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5 questions for David McMillan
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Restaurant / montreal / Sep 5, 2018

5 questions for David McMillan

By Catherine Lefebvre

David McMillan has been part of the Montreal culinary scene for almost 30 years. His restaurants Joe Beef, Liverpool House, Vin Papillon and Vin Mon Lapin, consistently draw praise from restaurant critics (and customers!) from both here and abroad.

What do you think of the culinary scene right now?

I’m really inspired by the Montreal and Quebec culinary scenes. When it comes to natural wine, it's impressive to see the exceptional wine lists that are in a class of their own compared to what’s offered in the rest of Canada. Even Quebec’s vineyards are making great strides. Just look at what Domaine du Nival (Saint-Louis), Les Pervenches (Farnham) and Pinard & Filles (Magog) are doing. But I’m not the only one who's impressed by what we do here. My colleagues around the world are too. And that has a lot to do with the Montreal public.

Our local clientele is the most sophisticated in North America, thanks to our French and Latin backgrounds. We, the restaurateurs of Quebec, wouldn’t be who we are today on the North American culinary scene without the public. Montrealers are the main ingredient in the success of a restaurant. Try to go out and eat tripe in New York for instance, forget it! Lamb kidney brochettes? It would end up in the garbage.

When I see 18-year-old women ordering deer liver at Joe Beef, I say to myself we really have a unique clientele.

Which of your colleagues deserve more recognition?

I really like small restaurants like Régine Café. Fisun Ercan at Su in Verdun impresses me a lot. Maison Publique is a well-known restaurant in Montreal, but Derek Damman really does an amazing job. I also like what Antonin Mousseau-Rivard does at Le Mousso, it's fun to watch.

And it isn’t well known yet but PS Wine Bar, located under Elena in Saint-Henri, is the perfect spot for a pizza and a good bottle of wine to go.

What kind of restaurants would you like to see more of?

I love restaurants with 30 to 40 seats that serve small dishes made with fresh, organic, high-quality products.

I’d really like to see more young chefs open their own restaurant. I’d like to see a good wine bar in the Notre-Dame-de-Grâce neighbourhood and one in the city centre too, an area that needs a little love.

The entire city could definitely have 10 to 15 other wine bars, especially natural wine bars. We have the clientele for that.

What corporate culture do you pass on to your team?

The philosophy has changed enormously since I started working in restaurants. When I was young, the way things worked was archaic, I was treated appallingly, like most of my colleagues elsewhere. Kitchens were sexist environments, as were most workplaces in which men find themselves in a position of authority.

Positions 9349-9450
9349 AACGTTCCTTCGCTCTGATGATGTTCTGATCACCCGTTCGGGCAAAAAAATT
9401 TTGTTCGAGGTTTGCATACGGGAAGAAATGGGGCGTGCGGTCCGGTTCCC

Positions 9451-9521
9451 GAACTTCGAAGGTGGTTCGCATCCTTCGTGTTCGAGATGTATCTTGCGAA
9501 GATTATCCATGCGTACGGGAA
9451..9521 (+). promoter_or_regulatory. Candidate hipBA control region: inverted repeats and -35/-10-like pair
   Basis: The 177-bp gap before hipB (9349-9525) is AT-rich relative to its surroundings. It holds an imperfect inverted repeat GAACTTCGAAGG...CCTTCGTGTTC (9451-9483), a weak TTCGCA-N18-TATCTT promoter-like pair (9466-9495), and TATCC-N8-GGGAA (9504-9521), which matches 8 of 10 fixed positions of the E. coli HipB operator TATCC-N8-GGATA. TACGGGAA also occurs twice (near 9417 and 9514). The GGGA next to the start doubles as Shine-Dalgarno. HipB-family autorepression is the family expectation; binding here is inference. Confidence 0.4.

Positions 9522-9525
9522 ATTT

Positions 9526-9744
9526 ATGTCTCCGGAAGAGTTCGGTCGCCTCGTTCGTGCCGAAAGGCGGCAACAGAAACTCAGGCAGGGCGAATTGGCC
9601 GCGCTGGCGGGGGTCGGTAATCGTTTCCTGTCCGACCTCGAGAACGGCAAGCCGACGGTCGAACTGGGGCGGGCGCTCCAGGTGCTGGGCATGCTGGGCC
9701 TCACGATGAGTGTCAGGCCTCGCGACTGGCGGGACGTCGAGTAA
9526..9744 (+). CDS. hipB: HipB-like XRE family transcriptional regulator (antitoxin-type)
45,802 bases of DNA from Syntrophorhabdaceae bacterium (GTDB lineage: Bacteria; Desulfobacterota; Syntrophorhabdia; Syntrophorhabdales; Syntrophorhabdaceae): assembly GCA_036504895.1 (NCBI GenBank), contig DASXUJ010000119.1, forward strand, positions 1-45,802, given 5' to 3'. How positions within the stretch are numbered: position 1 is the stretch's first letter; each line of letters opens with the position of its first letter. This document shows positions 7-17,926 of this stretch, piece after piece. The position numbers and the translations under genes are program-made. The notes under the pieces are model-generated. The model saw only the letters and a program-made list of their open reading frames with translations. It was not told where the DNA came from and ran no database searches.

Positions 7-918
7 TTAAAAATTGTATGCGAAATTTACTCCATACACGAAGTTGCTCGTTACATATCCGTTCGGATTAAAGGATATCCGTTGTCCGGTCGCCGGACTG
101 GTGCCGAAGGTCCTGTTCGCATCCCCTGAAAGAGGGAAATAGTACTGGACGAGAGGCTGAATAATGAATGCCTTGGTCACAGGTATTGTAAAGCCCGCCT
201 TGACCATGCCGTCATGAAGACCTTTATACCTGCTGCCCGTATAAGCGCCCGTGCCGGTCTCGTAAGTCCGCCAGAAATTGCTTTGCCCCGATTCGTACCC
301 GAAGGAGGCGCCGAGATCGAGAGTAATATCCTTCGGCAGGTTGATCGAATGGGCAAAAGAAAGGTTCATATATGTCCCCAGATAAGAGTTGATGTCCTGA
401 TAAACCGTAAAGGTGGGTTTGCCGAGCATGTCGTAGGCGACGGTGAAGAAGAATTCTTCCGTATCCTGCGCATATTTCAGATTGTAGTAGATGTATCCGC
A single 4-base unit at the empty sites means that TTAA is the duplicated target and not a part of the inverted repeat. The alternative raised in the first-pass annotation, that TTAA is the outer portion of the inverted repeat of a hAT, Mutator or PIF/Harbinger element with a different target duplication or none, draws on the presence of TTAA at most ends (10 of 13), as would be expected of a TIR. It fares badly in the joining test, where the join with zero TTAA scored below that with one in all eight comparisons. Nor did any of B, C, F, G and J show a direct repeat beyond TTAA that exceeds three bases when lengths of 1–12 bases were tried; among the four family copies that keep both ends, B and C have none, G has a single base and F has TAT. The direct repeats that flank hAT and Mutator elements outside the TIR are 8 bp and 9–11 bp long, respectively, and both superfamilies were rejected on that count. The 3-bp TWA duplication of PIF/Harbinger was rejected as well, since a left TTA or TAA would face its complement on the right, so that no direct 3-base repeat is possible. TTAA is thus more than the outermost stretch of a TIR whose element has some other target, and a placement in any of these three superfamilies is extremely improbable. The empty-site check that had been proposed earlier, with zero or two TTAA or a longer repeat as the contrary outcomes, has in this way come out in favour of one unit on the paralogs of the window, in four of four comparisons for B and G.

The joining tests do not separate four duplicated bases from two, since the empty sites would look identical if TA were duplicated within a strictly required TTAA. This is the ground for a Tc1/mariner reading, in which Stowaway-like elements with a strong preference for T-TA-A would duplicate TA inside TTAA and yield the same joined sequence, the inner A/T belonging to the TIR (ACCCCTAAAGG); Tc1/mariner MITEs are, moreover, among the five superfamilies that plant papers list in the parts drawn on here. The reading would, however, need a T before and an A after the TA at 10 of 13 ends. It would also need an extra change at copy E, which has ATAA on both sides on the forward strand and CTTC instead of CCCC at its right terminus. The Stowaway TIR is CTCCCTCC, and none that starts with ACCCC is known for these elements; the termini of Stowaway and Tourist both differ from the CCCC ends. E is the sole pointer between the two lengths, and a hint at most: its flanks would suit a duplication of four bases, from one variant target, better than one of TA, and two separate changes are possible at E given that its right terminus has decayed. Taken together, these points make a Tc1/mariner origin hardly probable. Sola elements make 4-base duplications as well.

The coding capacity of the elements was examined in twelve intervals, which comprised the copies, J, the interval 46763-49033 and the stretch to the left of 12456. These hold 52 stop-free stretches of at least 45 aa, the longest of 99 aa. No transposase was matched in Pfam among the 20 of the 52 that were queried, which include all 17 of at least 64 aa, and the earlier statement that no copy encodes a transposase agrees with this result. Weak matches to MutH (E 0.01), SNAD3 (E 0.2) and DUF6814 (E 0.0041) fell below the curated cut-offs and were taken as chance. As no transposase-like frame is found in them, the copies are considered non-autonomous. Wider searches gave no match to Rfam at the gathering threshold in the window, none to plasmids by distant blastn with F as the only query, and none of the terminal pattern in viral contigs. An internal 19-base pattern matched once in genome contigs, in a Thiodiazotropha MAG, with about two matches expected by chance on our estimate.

For many years, I glorified overeating and alcohol and I also tended to shout in the kitchen. Fortunately, things have changed since then. But to change, you first have to change yourself. Don’t forget that we do the majority of our business between 6 pm and 9:30 pm. The result is that there is a certain pressure to perform, so we can’t work at a snail’s pace.

In addition, customer expectations are very high. Nevertheless, I try to promote a quieter work atmosphere. I stopped promoting excess. And I'm also at a point in my career where I’ve taken on the role of mentor. I like helping young people start a new business, especially if they worked at one of my restaurants. Sometimes I even encourage them to leave, because I can see that they’re ready. If they need help to move on to something else, I’m happy to help and open doors for them.

What changes have marked the restaurant business in the past few years?

The range of suppliers has completely changed for some time now. Before, we went to La Mer fish market, we bought what they had and used it to develop our fish and seafood dishes.

Now, especially thanks to social media, we know that there is a particular cod fisherman in Newfoundland, another scallop fisherman in Nova Scotia. No fisherman had an Instagram account 3 years ago. There was also a guy who came with a truck full of all kinds of mushrooms and we chose from what he had. Now, there is almost a different supplier for each variety of mushroom. And that's how it is for many products. It's great that it's like that, because we end up with unique, high-quality products and that allows us to show our customers how closely linked we are to our partners.

But, it also means that someone on my team has to take care of the link between the different suppliers, manage delivery logistics and everything else. It takes an enormous amount of time, but we prefer to offer a better price to fishermen and farmers rather than have it end up in the pockets of the middleman. But all of this has a cost and there is a limit to what the customer is willing to pay. We still make the choice to offer quality meats, organic fruits and vegetables, and to have a list of exceptional wines, some of which are exclusive to us, because it fits with our business philosophy.

In the end, our margins remain small, even if our restaurants are always full. The restaurant business verges on philanthropy.

To pre-order Joe Beef's next cookbook, available in November, click here.

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